Patricia Dorsey, Tara Battaglia and Kenneth Kiler won the three seats on the Carroll County Board of Education, ousting incumbent and current school board President Bob Lord.
Dorsey, a retired elementary school principal, came out on top with 33,761 total votes, followed by Battaglia, a parent and community activist, with 24,833 votes and then Kiler, an executive at a construction company and founder of the Manchester Wrestling program with 24,237 votes.
Lord, the only incumbent, finished last with 19,979 votes.
The other two candidates were Mary Kowalski, a former CCPS employee and current citizen activist, in fourth with 22,118 votes, and current Republican County Commissioner Doug Howard, who came in fifth with 20,473 votes.
Dorsey said she’s “totally grateful” and “still humbled by the support that has been shown.”
“I look forward to getting the job done,” she said, later adding “I’m just ready to go ahead and move forward.”
Battaglia said she remained hopeful throughout the election cycle that she would come out winning a seat on the school board.
“We are ecstatic and we’re just extremely grateful that the rest of Carroll County has put a lot of trust in me,” she said. “And I promise not to let them down.”
Kiler said he was with many volunteers Tuesday night waiting for the results and told them that they’d done so much, and while that doesn’t always equate to a win, it did on Tuesday.
“This is great and it’s nice to see the results,” Kiler said, later adding, “This is very rewarding.”
Lord said despite losing, he wishes the three winners the best.
“I am sad that I have lost but the voters of Carroll County have spoken,” Lord said.
Candidates ran on a number of issues, from school safety to funding issues to the Redistricting and School Closure Committee report, which came out this fall.
And while candidates agreed on some issues, many had different approaches, and different focuses.
For Battaglia, the top issue facing the school system is proper funding.
Dorsey could not pick just one top issue — for her, a number of items were priorities, from ensuring that students are learning, school safety, addressing RSCC recommendations, renovating the Career and Technology Center, teacher salaries, retention and identifying performance targets.
For Kiler, the biggest issue is student achievement in all areas.
While many who came out to vote Tuesday were focused on statewide races — like the governor’s race — some were paying attention on the local level.
Westminster resident Dwayne Keilman said he was interested in the school board race this year.
“My kids are in school and I want to make sure they get what’s best for them,” Keilman said.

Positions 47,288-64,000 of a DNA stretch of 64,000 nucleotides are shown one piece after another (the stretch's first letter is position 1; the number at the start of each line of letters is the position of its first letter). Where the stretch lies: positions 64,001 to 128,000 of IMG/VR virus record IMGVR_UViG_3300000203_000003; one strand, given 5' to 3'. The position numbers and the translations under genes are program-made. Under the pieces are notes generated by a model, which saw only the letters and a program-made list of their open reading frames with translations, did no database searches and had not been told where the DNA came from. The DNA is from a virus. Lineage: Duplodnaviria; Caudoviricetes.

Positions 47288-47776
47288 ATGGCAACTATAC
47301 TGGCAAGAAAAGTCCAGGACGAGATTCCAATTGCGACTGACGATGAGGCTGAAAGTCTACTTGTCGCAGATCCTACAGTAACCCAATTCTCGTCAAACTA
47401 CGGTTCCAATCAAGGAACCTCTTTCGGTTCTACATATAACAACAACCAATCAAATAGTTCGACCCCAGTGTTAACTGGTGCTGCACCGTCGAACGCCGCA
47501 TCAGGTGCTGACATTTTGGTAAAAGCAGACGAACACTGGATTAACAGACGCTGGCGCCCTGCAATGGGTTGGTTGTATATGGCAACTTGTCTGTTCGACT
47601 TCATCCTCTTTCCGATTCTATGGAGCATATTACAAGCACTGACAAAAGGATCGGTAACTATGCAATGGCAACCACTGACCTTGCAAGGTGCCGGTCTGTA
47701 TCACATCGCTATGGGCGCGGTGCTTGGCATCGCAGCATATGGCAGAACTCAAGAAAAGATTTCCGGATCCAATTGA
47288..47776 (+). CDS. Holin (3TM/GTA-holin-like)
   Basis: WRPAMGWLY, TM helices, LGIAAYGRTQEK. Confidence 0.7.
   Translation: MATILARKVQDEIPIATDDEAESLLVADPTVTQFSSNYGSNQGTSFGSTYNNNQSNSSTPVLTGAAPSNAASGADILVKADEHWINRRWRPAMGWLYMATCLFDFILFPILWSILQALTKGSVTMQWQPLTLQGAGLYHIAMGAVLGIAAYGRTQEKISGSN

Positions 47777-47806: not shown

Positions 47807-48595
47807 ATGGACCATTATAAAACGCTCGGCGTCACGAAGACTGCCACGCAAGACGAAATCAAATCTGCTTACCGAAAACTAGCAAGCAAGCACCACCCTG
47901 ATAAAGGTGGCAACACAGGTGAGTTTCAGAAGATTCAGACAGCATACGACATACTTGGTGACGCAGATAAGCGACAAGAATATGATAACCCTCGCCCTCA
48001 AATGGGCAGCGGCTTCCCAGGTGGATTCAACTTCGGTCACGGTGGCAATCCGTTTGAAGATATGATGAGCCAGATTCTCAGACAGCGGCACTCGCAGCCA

His daughter is 9 and his son is 8, he said. But although he wanted to make sure to vote for the Board of Education race, Keilman said the governor’s race was most important to him.
Sonja Bloetner, 47, of Mount Airy, said she is a teacher in a nearby county. She came out to push for balance on the Board of Education, she said. That means people with an education background, of which she said their were two qualified candidates, and some with construction backgrounds in consideration of Capital Improvement Projects.
Bloetner also considered the national political climate as she cast her ballot Tuesday.
The Mount Airy resident teaches English Second Language students in a nearby county public school system.
She said it was of paramount importance to her that candidates had balanced perspectives on immigration.
“We are a diverse nation,” she said. And, “there’s power in diversity.”
Hope Crawford, of Westminster, sat outside the polls at William Winchester Elementary School after voting on Tuesday. Crawford, 19, is registered as Independent and works at West Middle School. She said the Board of Education race was most important to her, and she voted for Dorsey.
“I just agree with a lot of what she's doing, holding true to educational standards,” she said.
Stephanie Brooks, of Westminster, voted for Gov. Larry Hogan, and also Lord for the Board of Education in Carroll. She said she has served on committees with him before and considers him “a fantastic person with the right priorities.”
For Tom Bosley, of Manchester, Kiler was his school board choice.
Bosley said he was happy to vote for Kiler for the Board of Education because he grew up wrestling and knew him as a coach. He hoped to see Kiler’s influence on the board for his children now in school, Bosley added.
Carroll County Times reporters Jennifer Turiano, Catalina Righter and Alex Mann contributed to this article.